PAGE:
• Company A files an application disclosing and claiming invention X', an obvious variant of invention X, on December 13, 2004.
  • University B retains ownership of invention X and Company A retains ownership of invention X'.
  • Company A files an information disclosure statement citing the University B's patent application publication of invention X.
  • Examiner makes a rejection of the claims of invention X' under 35 USC 103(a) as being obvious in view of the application publication of invention X.
  • Company A properly invokes the prior art disqualification under 35 U.S.C. 103(c) as amended by the CREATE Act.
  • Examiner makes an obvious double patenting rejection of the claims of invention X' in view of the claims of invention X.
    • The Office action can be made final (provided that no other new ground of rejection that was not necessitated by amendment is introduced) regardless of whether the claims themselves have been amended.
  • Company A files a proper terminal disclaimer under new 37 CFR 1.321(d) to overcome the double patenting rejection.
    • Note: Both parties of the JRA must agree to commonly enforce their patents in addition to a common term requirement.
  • Examiner may allow the application of invention X', assuming no other issues need to be resolved in the application.

Brief Summary of Changes made by the interim rule (70 FR 1818)(Jan. 11, 2005):

  • Section 1.71 : Section 1.71 is amended to add new § 1.71(g). Section 1.71(g) specifically provides for amendments to the specification to provide information necessary to invoke the “safe harbor” provision of 35 U.S.C. 103(c) applies.
  • Section 1.77 : Section 1.77 is amended to provide for the names of the parties to a joint research agreement in the preferred arrangement of the specification.
  • Section 1.104 : Section 1.104(c)(4) is amended for consistency with the amendment to 35 U.S.C. 103(c).
  • Section 1.109 : Section 1.109 is added to set forth the conditions under which the Office will make a double patenting rejection. Section 1.109(a) contains the provisions of § 1.130(b) (with a few changes for clarity). Section 1.109(b) provides for double patenting situations which may arise as a result of the CREATE Act.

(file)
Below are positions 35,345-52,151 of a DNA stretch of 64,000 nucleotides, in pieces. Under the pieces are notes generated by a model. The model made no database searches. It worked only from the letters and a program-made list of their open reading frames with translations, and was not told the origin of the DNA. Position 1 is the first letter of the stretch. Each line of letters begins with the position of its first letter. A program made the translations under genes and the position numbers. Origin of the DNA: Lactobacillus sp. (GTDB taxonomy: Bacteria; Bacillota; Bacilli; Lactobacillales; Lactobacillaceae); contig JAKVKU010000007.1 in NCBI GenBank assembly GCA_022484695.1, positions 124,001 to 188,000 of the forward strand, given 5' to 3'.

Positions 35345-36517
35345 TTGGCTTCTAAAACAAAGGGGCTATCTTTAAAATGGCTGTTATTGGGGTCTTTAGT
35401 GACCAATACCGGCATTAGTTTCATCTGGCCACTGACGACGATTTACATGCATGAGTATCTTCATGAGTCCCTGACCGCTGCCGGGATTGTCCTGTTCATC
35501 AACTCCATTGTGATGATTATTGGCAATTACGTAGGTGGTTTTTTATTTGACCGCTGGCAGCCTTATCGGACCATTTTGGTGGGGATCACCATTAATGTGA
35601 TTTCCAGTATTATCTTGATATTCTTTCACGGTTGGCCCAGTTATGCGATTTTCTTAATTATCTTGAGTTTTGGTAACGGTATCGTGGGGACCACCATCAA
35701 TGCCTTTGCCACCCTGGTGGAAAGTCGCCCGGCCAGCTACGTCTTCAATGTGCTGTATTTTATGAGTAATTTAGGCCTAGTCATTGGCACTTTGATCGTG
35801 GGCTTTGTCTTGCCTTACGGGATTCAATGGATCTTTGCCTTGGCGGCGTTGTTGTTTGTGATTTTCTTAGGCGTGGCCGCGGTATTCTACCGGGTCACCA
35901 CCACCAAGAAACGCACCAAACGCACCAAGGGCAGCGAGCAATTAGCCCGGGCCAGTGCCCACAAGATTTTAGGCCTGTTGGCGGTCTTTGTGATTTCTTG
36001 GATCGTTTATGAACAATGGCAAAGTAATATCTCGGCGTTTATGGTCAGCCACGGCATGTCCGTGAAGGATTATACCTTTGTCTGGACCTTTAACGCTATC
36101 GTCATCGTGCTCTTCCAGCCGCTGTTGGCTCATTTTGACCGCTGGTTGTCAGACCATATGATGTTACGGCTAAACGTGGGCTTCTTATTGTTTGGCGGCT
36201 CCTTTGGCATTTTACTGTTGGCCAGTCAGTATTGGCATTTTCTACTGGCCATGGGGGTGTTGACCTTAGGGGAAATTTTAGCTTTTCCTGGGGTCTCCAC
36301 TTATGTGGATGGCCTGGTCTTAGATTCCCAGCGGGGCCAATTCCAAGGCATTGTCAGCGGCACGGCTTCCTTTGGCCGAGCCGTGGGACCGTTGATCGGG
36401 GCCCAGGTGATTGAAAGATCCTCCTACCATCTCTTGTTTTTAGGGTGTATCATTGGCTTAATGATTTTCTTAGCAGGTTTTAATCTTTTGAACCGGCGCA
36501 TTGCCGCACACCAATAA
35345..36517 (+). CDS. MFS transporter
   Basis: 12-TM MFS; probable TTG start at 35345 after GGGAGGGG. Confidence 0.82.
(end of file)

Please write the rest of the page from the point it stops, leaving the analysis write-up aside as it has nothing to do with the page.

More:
• Section 1.130 : Section 1.130(b) is reserved.
  • Section 1.321 : Section 1.321(d) is added to provide the terminal disclaimer requirements for the double patenting situations which arise as a result of the CREATE Act.
  • Section 3.11 : Section 3.11(c) is added to provide that the Office will record a joint research agreement or an excerpt of a joint research agreement as provided in 37 CFR part 3.
  • Section 3.31 : Section 3.31(g) is added to set forth the requirements for the cover sheet required by § 3.28 seeking to record a joint research agreement or an excerpt of a joint research agreement as provided by § 3.11(c).

Additional Information

For more information, please contact:

  • The Office of Patent Legal Administration at (571) 272-7704 or
    e-mail to Patent Practice@USPTO.gov , or contact:
    • Robert A. Clarke at (571) 272-7735
    • Jeanne M. Clark at (571) 272-7714

CREATE Act More Information Posted at http://www.uspto.gov/web/offices/pac/dapp/createmoreinfo.html

United States Patent and Trademark Office
Bullet Changes to Implement the Cooperative Research and Technology Enhancement Act of 2004 70 Fed. Reg. 1818 (11Jan2005) [PDF]
Bullet Text of Legislation: Cooperative Research and Technology Enhancement (CREATE) Act of 2004 [PDF] (posted 19Jan2005)
Bullet CREATE Act of 2004 Questions and Answers, including 103(c) (updated 03Mar2005)
Bullet Comments on the Changes To Implement the Cooperative Research and Technology Enhancement Act of 2004 (CREATE Act), Interim Rule (February 2005) (added 03Mar2005)
Slide Set: 35 U.S.C. 103(c) as Amended by the Cooperative Research and Technology Enhancement (CREATE) Act (Public Law 108-453) Enacted December 10, 2004 [PPT] [text version] [Download Zipped Version] [ZIP]

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Last Modified: 4/5/2010 1:32:57 PM